Business meetings evoke their own booming business

By , Special to The Christian Science Monitor

The dictionary calls them the "coming together of persons or things; a point of contact or intersection." Some administrators call them a scourge. Others see them as a necessary evil.

But to the people in the business -- more and more -- they mean big money. They are meetings.

The meeting planning industry is jumping; everyone seems to agree on that. Mel Hosansky, editor in chief of Meetings & Conventions magazine, estimates that it is now about a $20 billion business. He cites the latest marketing report done by his magazine, which shows a 70 to 80 percent growth in meetings expenditures between 1973-74 and 1979.

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Meeting planners across the country are enjoying the sensation of being in demand --and every month there are more of them to savor the feeling.Meeting Planners International, an Ohio-based association for professional planners, has seen its membership leap from 150 at its inception in 1972 to 35,000 at last count. MPI executive Jimm Horvath figures it gains about 70 new members a month.

Why, at a time when the national economy has been weak at the knees and costs of all kinds are soaring, would companies be pouring money into meetings?

There are a number of answer. Some in the field say the shaky economy and rising travel costs actually work in favor of the meeting-planning business. Because corporate corners are being cut closer to the quick, "cost effectiveness" is now a phrase on the tip of every manager's tongue. And the more important it is to have "cost effective" meetings, the more invaluable becomes the meeting planner.

Others cite a need for more training. Slipping US productivity, plus the example of Japanese superefficiency, has heightened corporate interest in getting the most out of every employee. Also, competition is increasingly stiff for the well-trained middle- and upper-level managers. Companies make up for the deficiency by sinking more time and money into training their own executives --and training means meetings and seminars.

The meeting business has also gotten boosts from:

* The information explosion. With more information to disseminate, meetings have become longer and more numerous.

* Greater availability of meeting facilities and conference centers.

* The wide-body jet aircraft, which allow large groups to travel together.

Richard Hildreth remembers a day when meeting planning was a very different thing. At present, Dr. Hildreth is chairman of the Hospitality, Meeting, Travel Administration Department at Metropolitan State College in Denver, which in 1977 became the first school to offer a bachelor's degree in meetings planning. He also has his own meeting planning business, Meetings Inc.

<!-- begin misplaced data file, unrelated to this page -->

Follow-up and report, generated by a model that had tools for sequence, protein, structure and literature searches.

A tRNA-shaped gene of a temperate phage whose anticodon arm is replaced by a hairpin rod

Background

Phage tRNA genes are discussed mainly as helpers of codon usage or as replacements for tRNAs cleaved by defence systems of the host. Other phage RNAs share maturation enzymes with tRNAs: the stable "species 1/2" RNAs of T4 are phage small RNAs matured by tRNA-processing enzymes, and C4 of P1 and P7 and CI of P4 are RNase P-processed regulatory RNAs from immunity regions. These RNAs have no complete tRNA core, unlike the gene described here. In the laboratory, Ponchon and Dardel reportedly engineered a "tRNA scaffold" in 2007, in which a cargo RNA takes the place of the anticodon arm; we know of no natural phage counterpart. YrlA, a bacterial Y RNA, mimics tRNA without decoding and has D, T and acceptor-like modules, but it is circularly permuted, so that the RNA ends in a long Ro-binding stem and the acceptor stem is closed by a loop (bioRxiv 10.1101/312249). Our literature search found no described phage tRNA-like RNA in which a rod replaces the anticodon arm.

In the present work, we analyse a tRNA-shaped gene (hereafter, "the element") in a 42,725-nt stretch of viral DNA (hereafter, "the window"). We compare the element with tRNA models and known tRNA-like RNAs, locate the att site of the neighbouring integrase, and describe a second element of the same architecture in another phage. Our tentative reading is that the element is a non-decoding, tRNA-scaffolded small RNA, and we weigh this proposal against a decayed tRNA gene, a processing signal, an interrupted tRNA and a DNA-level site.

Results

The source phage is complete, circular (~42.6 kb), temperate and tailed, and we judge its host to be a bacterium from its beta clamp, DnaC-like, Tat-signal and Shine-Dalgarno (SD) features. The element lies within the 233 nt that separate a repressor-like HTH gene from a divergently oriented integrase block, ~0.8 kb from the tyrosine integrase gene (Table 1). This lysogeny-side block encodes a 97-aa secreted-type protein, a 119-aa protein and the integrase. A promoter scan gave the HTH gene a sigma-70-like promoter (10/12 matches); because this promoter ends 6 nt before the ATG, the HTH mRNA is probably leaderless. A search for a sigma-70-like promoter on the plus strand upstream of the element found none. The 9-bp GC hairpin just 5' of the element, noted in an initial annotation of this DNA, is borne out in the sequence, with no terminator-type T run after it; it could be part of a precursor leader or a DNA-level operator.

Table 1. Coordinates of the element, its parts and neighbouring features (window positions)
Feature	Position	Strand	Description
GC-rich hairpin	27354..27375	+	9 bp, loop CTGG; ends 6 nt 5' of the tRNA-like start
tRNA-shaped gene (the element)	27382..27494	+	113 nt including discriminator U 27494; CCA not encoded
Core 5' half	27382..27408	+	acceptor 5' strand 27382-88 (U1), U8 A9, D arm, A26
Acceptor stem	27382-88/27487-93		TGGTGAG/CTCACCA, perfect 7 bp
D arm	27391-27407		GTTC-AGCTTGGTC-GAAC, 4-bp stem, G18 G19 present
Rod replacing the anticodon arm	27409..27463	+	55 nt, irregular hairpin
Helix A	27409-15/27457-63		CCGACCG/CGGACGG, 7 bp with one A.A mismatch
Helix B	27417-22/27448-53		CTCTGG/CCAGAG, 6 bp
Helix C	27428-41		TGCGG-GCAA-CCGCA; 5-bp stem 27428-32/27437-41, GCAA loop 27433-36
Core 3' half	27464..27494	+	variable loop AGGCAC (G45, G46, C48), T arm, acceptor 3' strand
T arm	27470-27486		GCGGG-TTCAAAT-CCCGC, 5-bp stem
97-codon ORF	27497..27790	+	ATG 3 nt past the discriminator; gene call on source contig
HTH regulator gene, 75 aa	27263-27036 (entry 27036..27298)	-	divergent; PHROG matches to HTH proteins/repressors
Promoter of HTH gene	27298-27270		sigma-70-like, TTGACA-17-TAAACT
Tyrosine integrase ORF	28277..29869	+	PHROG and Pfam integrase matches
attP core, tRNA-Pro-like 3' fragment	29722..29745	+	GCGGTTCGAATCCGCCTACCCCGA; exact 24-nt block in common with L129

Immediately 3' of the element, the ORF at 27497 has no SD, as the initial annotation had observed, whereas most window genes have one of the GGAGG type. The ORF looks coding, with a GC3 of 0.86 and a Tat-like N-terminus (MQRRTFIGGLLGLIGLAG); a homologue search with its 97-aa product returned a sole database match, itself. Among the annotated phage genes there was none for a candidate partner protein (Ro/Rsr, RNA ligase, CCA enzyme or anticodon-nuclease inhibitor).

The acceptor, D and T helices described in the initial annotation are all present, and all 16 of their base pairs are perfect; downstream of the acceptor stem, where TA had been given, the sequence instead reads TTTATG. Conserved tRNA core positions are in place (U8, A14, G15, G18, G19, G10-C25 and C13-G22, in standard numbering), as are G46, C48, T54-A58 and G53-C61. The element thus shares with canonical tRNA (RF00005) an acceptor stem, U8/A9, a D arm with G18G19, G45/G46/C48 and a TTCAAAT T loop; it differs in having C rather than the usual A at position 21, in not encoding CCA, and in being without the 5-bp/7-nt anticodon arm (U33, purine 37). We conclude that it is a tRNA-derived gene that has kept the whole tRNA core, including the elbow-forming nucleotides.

"When I started in the business in 1955," he remembers, "I can think how simple it was. Now, you have to know computers, accounting, marketing, law, teleconferencing [a meeting of separated parties through television or other modern technology]. When it comes to meeting planning, he says, companies today "are after their money's worth."

Technological innovations have also added a dizzying new dimension to the field. Will satellite links and other sophisticated communications devices someday eliminate a need for meetings? No way, says Dianne Dvorin, president and director of MediaSense, a group devoted to designing, planning, and producing teleconference links.

"It's not like everyone's going to stop traveling and just sit in their cubbyholes," she says. Rather, she explains, "Technology makes it possible to choose among a variety of meeting formats."

These formats include visual conferencing (the transmission of images), audio conferencing (the transmission of voices), and computer conferencing (the transmission of information), or an endless number of combinations of and variations on the above.

Dr. Hildreth believes that teleconferencing will become more and more important as air fares continue to soar. He expects to see less long-distance travel for business executives and more regional meetings linked to one another or to a central point through technology. But, he feels, that won't change the need for meetings.

Often, he says, the "informal chat" after the meeting may be as important, or even more important, than the meeting itself. "Technology," he says , "can never replace that."

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